2. Capture all relevant data 

You want to capture as much relevant operations data as possible. In today’s complex environments, there are things going on that you simply don’t know about and won’t find through monitoring. You might not know that one application affects another application because they appear to have nothing to do with one another. But there might be some point in the underlying infrastructure where traffic patterns do collide, as well as other “noise” that systems can generate. You want to capture operations events, metric data, transaction data, your systems and applications logs, your network traffic, your network devices, and so on. Now you need to correlate what you have using pattern analyses. You start making this dark data visible.

We saw one case, for example, where a virtual machine was deployed but nobody knew it was configured to be in debug mode. This particular system was causing applications to perform poorly. When looking at traditional operations monitoring tools, everything still looked fine as things started to fail. It was only through capturing that system log that they were able to see that the machine was not properly configured for production. You can’t tell that through traditional monitoring. (If you want to learn more about how this works, check out this white paper: Analyzing machine data—the best way forward.)

 

3. Use maps and models to visualize trends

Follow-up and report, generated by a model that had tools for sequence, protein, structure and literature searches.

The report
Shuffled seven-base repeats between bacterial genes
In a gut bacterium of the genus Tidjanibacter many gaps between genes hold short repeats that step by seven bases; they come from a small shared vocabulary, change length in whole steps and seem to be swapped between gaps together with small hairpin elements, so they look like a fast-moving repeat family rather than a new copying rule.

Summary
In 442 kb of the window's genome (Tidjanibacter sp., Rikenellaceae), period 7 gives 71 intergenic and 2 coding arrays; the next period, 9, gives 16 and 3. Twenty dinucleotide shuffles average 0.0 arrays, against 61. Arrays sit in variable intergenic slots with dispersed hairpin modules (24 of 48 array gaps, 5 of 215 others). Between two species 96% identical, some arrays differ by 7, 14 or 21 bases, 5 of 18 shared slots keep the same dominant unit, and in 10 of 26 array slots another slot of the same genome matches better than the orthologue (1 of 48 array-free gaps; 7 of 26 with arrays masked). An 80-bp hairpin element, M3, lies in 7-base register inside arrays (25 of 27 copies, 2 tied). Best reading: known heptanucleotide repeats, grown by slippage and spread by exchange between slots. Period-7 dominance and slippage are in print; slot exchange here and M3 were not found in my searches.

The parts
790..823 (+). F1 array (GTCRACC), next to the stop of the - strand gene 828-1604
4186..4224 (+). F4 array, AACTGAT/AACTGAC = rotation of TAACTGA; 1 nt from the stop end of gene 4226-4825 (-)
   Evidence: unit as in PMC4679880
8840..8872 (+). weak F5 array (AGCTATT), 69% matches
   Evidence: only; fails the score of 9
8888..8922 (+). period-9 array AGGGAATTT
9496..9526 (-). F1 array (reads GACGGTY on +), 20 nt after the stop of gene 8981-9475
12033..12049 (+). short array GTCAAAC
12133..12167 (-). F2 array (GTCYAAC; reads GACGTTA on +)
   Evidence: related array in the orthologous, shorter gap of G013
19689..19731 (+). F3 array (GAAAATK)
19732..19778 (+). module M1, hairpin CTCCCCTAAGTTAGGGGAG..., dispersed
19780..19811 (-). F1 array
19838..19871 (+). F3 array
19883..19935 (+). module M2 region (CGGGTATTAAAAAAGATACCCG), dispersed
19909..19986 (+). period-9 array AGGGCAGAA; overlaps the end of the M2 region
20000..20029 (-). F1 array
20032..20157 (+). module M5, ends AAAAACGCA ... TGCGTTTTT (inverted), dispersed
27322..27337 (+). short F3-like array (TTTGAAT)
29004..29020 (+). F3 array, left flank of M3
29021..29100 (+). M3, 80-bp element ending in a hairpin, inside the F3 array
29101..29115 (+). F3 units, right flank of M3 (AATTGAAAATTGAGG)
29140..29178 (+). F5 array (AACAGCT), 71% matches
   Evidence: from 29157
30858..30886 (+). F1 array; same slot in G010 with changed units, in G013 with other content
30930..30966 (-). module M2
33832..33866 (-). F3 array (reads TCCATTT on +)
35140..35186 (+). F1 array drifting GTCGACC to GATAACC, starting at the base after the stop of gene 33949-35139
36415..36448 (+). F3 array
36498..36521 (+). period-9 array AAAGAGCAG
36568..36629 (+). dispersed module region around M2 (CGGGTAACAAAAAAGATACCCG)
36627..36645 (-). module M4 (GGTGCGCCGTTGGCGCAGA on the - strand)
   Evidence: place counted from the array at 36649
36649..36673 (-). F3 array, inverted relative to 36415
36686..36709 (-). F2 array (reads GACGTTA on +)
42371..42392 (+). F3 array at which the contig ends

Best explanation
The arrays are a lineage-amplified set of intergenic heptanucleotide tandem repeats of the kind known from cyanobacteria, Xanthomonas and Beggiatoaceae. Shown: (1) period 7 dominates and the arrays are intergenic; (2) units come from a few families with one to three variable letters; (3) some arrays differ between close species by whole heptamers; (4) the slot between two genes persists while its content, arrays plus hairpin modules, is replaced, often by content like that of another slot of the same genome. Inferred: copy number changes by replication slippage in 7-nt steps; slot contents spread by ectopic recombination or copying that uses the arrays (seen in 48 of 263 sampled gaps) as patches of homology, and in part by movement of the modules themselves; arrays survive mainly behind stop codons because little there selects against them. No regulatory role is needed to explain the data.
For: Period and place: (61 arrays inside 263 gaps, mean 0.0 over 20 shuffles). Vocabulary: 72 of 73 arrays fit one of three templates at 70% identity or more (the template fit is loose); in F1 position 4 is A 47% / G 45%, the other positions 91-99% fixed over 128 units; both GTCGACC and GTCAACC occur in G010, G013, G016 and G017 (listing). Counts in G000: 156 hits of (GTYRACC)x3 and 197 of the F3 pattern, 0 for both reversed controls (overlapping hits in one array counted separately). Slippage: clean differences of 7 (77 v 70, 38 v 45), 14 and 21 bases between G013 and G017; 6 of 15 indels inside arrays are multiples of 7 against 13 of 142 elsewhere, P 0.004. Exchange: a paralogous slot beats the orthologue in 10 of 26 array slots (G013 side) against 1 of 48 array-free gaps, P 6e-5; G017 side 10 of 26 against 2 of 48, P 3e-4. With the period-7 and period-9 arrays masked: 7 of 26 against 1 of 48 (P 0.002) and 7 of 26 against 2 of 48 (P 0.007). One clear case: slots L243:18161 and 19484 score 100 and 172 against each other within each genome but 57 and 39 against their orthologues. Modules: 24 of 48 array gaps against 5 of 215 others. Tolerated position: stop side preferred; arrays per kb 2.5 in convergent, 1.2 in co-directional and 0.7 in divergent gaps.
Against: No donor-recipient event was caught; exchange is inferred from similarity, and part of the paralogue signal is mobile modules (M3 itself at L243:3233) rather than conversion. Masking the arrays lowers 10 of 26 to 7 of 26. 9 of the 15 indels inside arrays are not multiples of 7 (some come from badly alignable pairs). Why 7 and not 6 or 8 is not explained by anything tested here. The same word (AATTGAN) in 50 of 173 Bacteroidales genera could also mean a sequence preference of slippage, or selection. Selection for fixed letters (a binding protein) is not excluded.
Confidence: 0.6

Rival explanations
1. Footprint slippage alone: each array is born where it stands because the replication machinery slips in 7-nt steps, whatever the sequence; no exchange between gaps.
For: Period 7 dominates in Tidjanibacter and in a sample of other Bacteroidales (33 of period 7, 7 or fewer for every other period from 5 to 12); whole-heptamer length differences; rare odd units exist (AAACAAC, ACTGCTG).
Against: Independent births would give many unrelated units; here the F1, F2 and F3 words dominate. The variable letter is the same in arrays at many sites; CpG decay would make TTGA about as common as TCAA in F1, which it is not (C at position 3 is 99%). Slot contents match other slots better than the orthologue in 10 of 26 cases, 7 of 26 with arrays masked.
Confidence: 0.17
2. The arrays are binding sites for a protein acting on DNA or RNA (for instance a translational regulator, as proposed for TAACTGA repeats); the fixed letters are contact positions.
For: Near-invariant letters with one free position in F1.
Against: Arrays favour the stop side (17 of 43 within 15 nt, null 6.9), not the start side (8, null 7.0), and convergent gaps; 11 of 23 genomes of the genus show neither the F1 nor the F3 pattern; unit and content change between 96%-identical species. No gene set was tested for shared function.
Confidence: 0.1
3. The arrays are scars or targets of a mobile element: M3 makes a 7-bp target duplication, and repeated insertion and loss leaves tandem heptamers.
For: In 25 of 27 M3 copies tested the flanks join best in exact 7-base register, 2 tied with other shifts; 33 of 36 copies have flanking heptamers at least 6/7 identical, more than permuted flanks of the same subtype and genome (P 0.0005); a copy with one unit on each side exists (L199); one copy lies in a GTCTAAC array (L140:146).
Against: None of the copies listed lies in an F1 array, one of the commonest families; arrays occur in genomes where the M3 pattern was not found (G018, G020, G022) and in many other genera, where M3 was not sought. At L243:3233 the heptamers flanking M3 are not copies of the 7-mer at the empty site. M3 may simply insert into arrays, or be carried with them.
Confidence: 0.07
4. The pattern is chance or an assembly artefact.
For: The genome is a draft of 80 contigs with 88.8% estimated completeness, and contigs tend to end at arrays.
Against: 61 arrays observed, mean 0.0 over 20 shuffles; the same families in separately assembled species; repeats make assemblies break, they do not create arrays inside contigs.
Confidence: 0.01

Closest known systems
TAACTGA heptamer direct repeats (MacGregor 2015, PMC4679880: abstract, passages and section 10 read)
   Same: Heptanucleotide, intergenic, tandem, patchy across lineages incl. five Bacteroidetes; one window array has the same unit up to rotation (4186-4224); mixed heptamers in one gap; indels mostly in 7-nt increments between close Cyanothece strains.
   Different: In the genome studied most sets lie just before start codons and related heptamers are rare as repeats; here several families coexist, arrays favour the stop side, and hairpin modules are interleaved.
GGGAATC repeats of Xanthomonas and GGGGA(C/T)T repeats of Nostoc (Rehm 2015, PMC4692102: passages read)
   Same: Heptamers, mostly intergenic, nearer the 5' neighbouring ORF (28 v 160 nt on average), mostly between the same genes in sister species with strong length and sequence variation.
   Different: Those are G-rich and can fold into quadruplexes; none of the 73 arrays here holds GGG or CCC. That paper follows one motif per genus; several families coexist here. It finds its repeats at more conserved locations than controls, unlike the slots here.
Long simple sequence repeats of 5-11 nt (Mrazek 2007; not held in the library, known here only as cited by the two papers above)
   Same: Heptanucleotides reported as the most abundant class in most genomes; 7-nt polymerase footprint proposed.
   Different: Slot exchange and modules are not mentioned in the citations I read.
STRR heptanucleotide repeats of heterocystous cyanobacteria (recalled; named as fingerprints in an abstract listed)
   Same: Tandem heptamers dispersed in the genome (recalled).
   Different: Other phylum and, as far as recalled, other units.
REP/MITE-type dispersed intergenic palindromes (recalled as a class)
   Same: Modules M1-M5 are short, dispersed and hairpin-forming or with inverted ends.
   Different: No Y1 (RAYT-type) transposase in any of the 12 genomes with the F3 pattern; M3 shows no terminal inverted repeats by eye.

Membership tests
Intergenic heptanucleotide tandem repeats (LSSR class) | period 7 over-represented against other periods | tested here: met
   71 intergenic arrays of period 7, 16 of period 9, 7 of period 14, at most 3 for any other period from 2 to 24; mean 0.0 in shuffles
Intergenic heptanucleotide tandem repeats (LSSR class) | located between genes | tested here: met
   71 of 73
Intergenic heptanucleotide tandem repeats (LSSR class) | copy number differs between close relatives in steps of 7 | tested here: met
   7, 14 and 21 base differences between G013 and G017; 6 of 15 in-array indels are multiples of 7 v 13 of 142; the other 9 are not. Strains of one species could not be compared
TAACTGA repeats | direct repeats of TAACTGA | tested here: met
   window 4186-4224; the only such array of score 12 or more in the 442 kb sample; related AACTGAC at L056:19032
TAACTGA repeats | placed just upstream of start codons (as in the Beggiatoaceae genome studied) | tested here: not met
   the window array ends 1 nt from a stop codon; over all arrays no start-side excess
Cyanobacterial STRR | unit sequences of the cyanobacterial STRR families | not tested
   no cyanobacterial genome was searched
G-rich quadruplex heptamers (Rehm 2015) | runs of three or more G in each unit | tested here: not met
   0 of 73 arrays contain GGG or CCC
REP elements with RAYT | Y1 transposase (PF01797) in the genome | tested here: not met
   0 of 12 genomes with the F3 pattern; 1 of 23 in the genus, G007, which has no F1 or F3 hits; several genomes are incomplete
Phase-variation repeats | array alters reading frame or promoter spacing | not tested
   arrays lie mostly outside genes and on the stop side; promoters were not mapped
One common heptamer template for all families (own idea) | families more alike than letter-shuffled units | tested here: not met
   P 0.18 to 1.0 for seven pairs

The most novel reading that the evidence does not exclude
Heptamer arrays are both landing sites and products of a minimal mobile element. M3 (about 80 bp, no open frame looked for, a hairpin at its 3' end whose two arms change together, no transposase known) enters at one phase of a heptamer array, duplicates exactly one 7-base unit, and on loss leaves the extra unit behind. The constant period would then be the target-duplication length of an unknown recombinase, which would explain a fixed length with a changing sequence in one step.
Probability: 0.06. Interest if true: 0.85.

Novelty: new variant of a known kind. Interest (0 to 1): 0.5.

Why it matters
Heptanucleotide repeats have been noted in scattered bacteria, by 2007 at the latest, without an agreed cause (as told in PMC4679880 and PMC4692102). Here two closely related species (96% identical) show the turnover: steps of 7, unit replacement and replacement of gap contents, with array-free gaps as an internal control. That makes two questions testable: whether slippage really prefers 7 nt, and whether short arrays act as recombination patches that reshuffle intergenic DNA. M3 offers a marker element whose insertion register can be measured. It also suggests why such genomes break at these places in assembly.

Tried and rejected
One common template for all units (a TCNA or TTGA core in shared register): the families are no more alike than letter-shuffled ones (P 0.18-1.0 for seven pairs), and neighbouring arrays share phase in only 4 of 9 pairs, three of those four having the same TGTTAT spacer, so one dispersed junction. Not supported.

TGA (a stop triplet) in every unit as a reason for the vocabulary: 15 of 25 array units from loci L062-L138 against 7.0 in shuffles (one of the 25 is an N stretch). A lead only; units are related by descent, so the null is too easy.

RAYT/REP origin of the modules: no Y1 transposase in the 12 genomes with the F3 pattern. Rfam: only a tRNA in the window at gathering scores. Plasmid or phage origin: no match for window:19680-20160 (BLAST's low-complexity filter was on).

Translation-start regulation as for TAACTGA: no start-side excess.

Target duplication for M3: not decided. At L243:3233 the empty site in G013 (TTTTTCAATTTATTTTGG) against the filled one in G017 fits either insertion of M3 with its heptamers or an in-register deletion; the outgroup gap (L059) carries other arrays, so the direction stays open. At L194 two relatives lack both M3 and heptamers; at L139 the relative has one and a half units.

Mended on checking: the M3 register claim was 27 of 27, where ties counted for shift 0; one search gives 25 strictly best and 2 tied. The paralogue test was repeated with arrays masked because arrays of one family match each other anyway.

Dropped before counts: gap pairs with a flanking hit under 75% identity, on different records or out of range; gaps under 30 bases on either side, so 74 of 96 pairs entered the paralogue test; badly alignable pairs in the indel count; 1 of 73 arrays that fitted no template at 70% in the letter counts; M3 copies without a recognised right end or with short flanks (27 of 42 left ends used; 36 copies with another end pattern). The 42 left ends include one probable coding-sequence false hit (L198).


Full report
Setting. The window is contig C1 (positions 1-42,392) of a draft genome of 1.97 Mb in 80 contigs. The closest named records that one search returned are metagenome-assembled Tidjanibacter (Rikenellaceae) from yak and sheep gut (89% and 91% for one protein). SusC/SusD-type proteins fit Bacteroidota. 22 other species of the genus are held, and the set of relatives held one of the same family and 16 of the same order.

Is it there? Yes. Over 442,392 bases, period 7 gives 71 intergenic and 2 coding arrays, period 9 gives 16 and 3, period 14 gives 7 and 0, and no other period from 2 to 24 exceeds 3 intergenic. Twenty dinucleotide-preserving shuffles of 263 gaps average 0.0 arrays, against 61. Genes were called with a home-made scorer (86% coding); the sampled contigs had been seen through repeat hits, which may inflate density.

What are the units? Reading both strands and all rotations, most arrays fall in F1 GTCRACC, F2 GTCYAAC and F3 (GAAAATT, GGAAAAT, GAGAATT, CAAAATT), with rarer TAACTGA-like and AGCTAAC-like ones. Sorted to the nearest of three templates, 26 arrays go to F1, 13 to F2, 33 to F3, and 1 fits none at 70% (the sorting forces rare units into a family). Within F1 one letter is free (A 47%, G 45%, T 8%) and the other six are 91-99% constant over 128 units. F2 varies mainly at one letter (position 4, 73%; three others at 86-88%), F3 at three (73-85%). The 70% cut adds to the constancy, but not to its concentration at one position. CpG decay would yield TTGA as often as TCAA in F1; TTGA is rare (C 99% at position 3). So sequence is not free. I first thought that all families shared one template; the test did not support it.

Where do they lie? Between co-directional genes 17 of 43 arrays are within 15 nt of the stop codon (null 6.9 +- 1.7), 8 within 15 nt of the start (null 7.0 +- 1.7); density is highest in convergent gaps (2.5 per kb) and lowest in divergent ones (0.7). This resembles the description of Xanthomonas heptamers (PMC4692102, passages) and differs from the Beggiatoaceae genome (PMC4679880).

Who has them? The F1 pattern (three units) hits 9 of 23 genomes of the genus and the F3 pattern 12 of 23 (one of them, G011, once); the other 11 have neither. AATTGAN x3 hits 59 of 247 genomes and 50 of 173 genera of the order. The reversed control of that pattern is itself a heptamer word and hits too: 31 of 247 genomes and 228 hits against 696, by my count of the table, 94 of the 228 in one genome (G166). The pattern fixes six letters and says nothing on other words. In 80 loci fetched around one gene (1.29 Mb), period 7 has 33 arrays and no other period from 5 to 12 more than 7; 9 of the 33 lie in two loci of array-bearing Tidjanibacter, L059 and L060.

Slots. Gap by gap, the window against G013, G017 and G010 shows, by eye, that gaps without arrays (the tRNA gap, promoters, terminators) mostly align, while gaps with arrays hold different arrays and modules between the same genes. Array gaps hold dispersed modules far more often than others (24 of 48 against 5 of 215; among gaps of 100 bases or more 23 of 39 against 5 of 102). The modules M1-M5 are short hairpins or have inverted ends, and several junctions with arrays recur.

The more data you can gather, the more intelligent you can be and the more predictable you can be. But proper visualization is key to achieving these benefits.

You also need to create a model. This means grouping data in ways that matter to you, which for most organizations is around the services they provide. But you can get very creative here—just don’t lose sight of the use cases you are trying to address. Bottom line is that in order to get value out of a Big Data system, you need to understand how to use it. How will you be grouping and visualizing your data? What are the patterns you want to start with so that you can then ask questions to quickly find root-cause, trends, predict and prevent issues, etc.? For example, in the HPE Operations Analytics solution, we use patterns that we’ve developed with HPE Labs.

That’s what we help our customers with, which has resulted in significant outcomes for them and has repaid their investment several times over within a short timeframe. Putting the right foundations in place, as well as showing simplicity and ease of use for level 1-2 operators and application support staff with the ability to drill down without having to engage with SMEs is where I’ve seen adoption resulting in savings.